CHICAGO -- Facing their third straight year of lower state funding, public colleges and universities are finding it nearly impossible to shield students from the pinch this time around.
Even as they increase tuition, the schools are cutting courses and programs, laying off instructors, eliminating sports and firing student workers.
"I don't think I've ever faced a set of conditions that were more like a perfect storm for American higher education than we're in today," said John Peters, president of Northern Illinois University and a veteran public university administrator.
For Aubrey Monks and Joanne Lerman, signs of trouble at the University of Illinois' Chicago campus are everywhere.
They strain their eyes in dim lecture halls where burned-out light bulbs haven't been replaced for months and wait longer and longer for the rare campus shuttle bus. Both have been warned to limit the hours they work at university jobs that help pay their tuition.
"In the psychology department, we have so many kids and just one adviser," said Lerman, a 19-year-old sophomore. "You have to wait in line to get to talk to her for two minutes."
Illinois Gov. Rod Blagojevich this week proposed a state budget that includes at least $112 million in cuts to state universities -- cuts administrators say could lead to shuttered libraries, larger classes, mass layoffs and fewer courses.
"There is going to be impact on the day-to-day activity of the educational experience," said James Stukel, president of the University of Illinois. "It will just be a university that's a little bit leaner."
Administrators at the University of Wisconsin in Madison say they may have to eliminate 200 courses, 90 administrative jobs, up to 60 faculty positions and several research centers to come up with their share of $250 million in proposed cuts.
At the University of Nebraska in Lincoln, a research division of Nebraska's State Museum could be on the chopping block, which could put the museum's zoology and the anthropology collections in mothballs or in the hands of another state.
And in California, a proposal to cut $520 million for community colleges next year prompted thousands of chanting students to protest outside Gov. Gray Davis' Los Angeles office last week. Nine community colleges already have cut staff, faculty and classes that would have served 30,000 students.
Cheryl Fields, director of public affairs for the National Association of State Universities and Land-Grant Colleges, said public schools have already taken the standard belt-tightening steps -- freezing hiring, delaying repairs and cutting travel.
But faced with more cuts, she said, some administrators will have to decide between targeting the classroom or increasing tuition to levels that price more students out of their schools.
"At the Big Ten universities, what they've said is one of the reasons they put significant tuition increases in place past year is because they don't want to sacrifice quality or course offerings," Fields said.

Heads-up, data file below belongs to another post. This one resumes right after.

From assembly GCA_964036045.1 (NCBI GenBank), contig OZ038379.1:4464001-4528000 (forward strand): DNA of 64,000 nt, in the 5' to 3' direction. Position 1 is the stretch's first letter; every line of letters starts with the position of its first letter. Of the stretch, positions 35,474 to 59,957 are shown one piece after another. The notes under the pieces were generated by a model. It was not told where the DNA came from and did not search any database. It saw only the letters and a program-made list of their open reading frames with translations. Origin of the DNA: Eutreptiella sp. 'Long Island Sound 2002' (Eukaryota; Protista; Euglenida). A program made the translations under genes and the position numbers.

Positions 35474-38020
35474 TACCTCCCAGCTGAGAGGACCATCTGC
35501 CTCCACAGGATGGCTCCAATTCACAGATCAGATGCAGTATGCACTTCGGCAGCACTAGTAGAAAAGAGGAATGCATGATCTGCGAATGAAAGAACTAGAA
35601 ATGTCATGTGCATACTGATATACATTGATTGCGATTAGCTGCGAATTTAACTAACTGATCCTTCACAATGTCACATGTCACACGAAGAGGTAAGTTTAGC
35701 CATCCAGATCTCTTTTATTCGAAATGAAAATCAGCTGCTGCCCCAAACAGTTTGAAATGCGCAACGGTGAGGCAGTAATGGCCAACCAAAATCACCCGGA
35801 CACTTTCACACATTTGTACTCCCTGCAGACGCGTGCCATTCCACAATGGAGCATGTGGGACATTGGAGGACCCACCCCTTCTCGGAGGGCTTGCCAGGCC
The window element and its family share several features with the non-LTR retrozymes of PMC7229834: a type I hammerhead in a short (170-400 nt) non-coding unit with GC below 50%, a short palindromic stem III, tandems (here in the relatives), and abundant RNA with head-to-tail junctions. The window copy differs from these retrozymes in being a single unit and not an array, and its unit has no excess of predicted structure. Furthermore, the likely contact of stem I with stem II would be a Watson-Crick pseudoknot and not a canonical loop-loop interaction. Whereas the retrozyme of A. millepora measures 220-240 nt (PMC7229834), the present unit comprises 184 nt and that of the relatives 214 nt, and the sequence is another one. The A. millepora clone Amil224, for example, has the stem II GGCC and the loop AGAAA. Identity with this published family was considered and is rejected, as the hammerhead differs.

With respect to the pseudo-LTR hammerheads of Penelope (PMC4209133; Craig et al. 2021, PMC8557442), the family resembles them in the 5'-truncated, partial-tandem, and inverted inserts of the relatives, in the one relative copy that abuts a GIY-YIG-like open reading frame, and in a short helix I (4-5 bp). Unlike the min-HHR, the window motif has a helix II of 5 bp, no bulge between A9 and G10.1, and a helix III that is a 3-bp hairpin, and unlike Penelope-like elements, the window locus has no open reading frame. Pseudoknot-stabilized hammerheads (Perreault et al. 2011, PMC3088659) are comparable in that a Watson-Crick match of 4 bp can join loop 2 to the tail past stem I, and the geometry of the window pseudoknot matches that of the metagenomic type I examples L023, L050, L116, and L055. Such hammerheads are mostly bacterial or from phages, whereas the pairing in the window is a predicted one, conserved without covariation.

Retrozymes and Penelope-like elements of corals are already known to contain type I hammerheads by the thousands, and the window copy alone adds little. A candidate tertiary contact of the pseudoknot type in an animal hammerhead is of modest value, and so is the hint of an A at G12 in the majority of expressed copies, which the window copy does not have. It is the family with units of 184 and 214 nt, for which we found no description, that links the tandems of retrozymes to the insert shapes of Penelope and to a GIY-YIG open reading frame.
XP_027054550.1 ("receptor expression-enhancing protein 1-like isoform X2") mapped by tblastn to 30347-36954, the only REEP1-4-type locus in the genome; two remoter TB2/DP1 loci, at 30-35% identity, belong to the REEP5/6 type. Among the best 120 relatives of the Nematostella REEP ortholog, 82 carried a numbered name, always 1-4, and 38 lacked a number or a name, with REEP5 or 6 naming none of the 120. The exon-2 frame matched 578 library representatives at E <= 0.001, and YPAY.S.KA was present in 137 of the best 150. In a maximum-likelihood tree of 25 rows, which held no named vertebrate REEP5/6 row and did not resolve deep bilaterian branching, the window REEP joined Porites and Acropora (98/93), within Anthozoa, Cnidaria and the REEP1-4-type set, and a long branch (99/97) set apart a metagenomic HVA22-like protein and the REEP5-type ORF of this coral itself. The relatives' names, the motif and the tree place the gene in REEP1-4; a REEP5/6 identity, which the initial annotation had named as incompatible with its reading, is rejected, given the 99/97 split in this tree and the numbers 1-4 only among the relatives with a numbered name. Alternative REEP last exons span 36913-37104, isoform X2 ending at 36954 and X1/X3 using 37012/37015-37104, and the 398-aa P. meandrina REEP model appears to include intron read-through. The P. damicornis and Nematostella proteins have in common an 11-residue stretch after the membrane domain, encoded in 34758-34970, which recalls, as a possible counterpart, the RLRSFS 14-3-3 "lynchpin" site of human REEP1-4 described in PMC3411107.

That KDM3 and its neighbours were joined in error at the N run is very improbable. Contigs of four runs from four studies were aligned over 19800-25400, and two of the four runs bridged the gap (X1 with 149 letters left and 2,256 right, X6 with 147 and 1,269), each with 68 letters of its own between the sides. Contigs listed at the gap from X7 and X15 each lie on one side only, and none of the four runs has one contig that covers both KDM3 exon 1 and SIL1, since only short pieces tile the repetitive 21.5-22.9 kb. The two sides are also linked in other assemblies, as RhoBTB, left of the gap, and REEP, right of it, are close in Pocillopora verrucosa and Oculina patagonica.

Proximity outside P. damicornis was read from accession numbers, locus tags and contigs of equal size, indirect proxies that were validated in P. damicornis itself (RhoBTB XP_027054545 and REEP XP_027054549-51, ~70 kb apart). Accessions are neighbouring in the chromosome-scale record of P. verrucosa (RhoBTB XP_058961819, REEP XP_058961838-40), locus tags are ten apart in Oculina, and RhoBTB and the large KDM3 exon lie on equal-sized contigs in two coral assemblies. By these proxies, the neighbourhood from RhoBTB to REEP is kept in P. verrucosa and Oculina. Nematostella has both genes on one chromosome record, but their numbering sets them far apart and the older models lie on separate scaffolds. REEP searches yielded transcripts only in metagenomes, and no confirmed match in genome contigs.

At the University of Massachusetts' flagship campus in Amherst, administrators have cut seven varsity sports teams, increased student fees, laid off workers and refused to fund negotiated pay raises for union workers.
"We sort of feel rather like the final victims of the dot-com era," said Randall Phillis, a biology professor and a vice president of the Massachusetts Society of Professors, a faculty union.
UMass faculty members negotiated their contract when the economy was good, but saw their raises disappear when it went sour, Phillis said.
Meanwhile, 12 percent of the faculty took an early retirement package in a single year, leaving the remaining professors with larger classes and students with fewer course offerings.
Al Fatale III, a student trustee at Montclair State University in New Jersey, joined hundreds of other students at the state Capitol last month to protest Gov. James E. McGreevey's proposal to slash college operating budgets by $101 million.
School administrators say the proposed cuts would probably lead to double-digit tuition increases, fewer programs and layoffs. Fatale said students are also worried about losing non-academic services, such as the university health center or theater.
"I've been surprised by the outcry from students, who I will admit are usually apathetic," Fatale said.
Back at the University of Illinois campus in Chicago, students worry they will either have to pay more for summer school or not be able to get the classes they need.
School administrators say the proposed state budget cuts would force them to cut 450 course sections with a projected enrollment of 10,000 students. Another 400 course sections would see enrollments balloon by more than a quarter.
Antoine Khoury, a 19-year-old freshman, said he's already learned that he won't get the grants he expected to help fund summer school. Khoury, who works as a valet, said he needs summer credits to stay on track toward graduation.
"I've been trying to save up for summer school," said Khoury, who is looking for a second job. "Everything's being cut off -- first jobs, and now at school. It's more expensive, and it's already hard enough to get a job."
On the Net:
National Association of State Universities and Land-Grant Colleges: http://www.nasulgc.org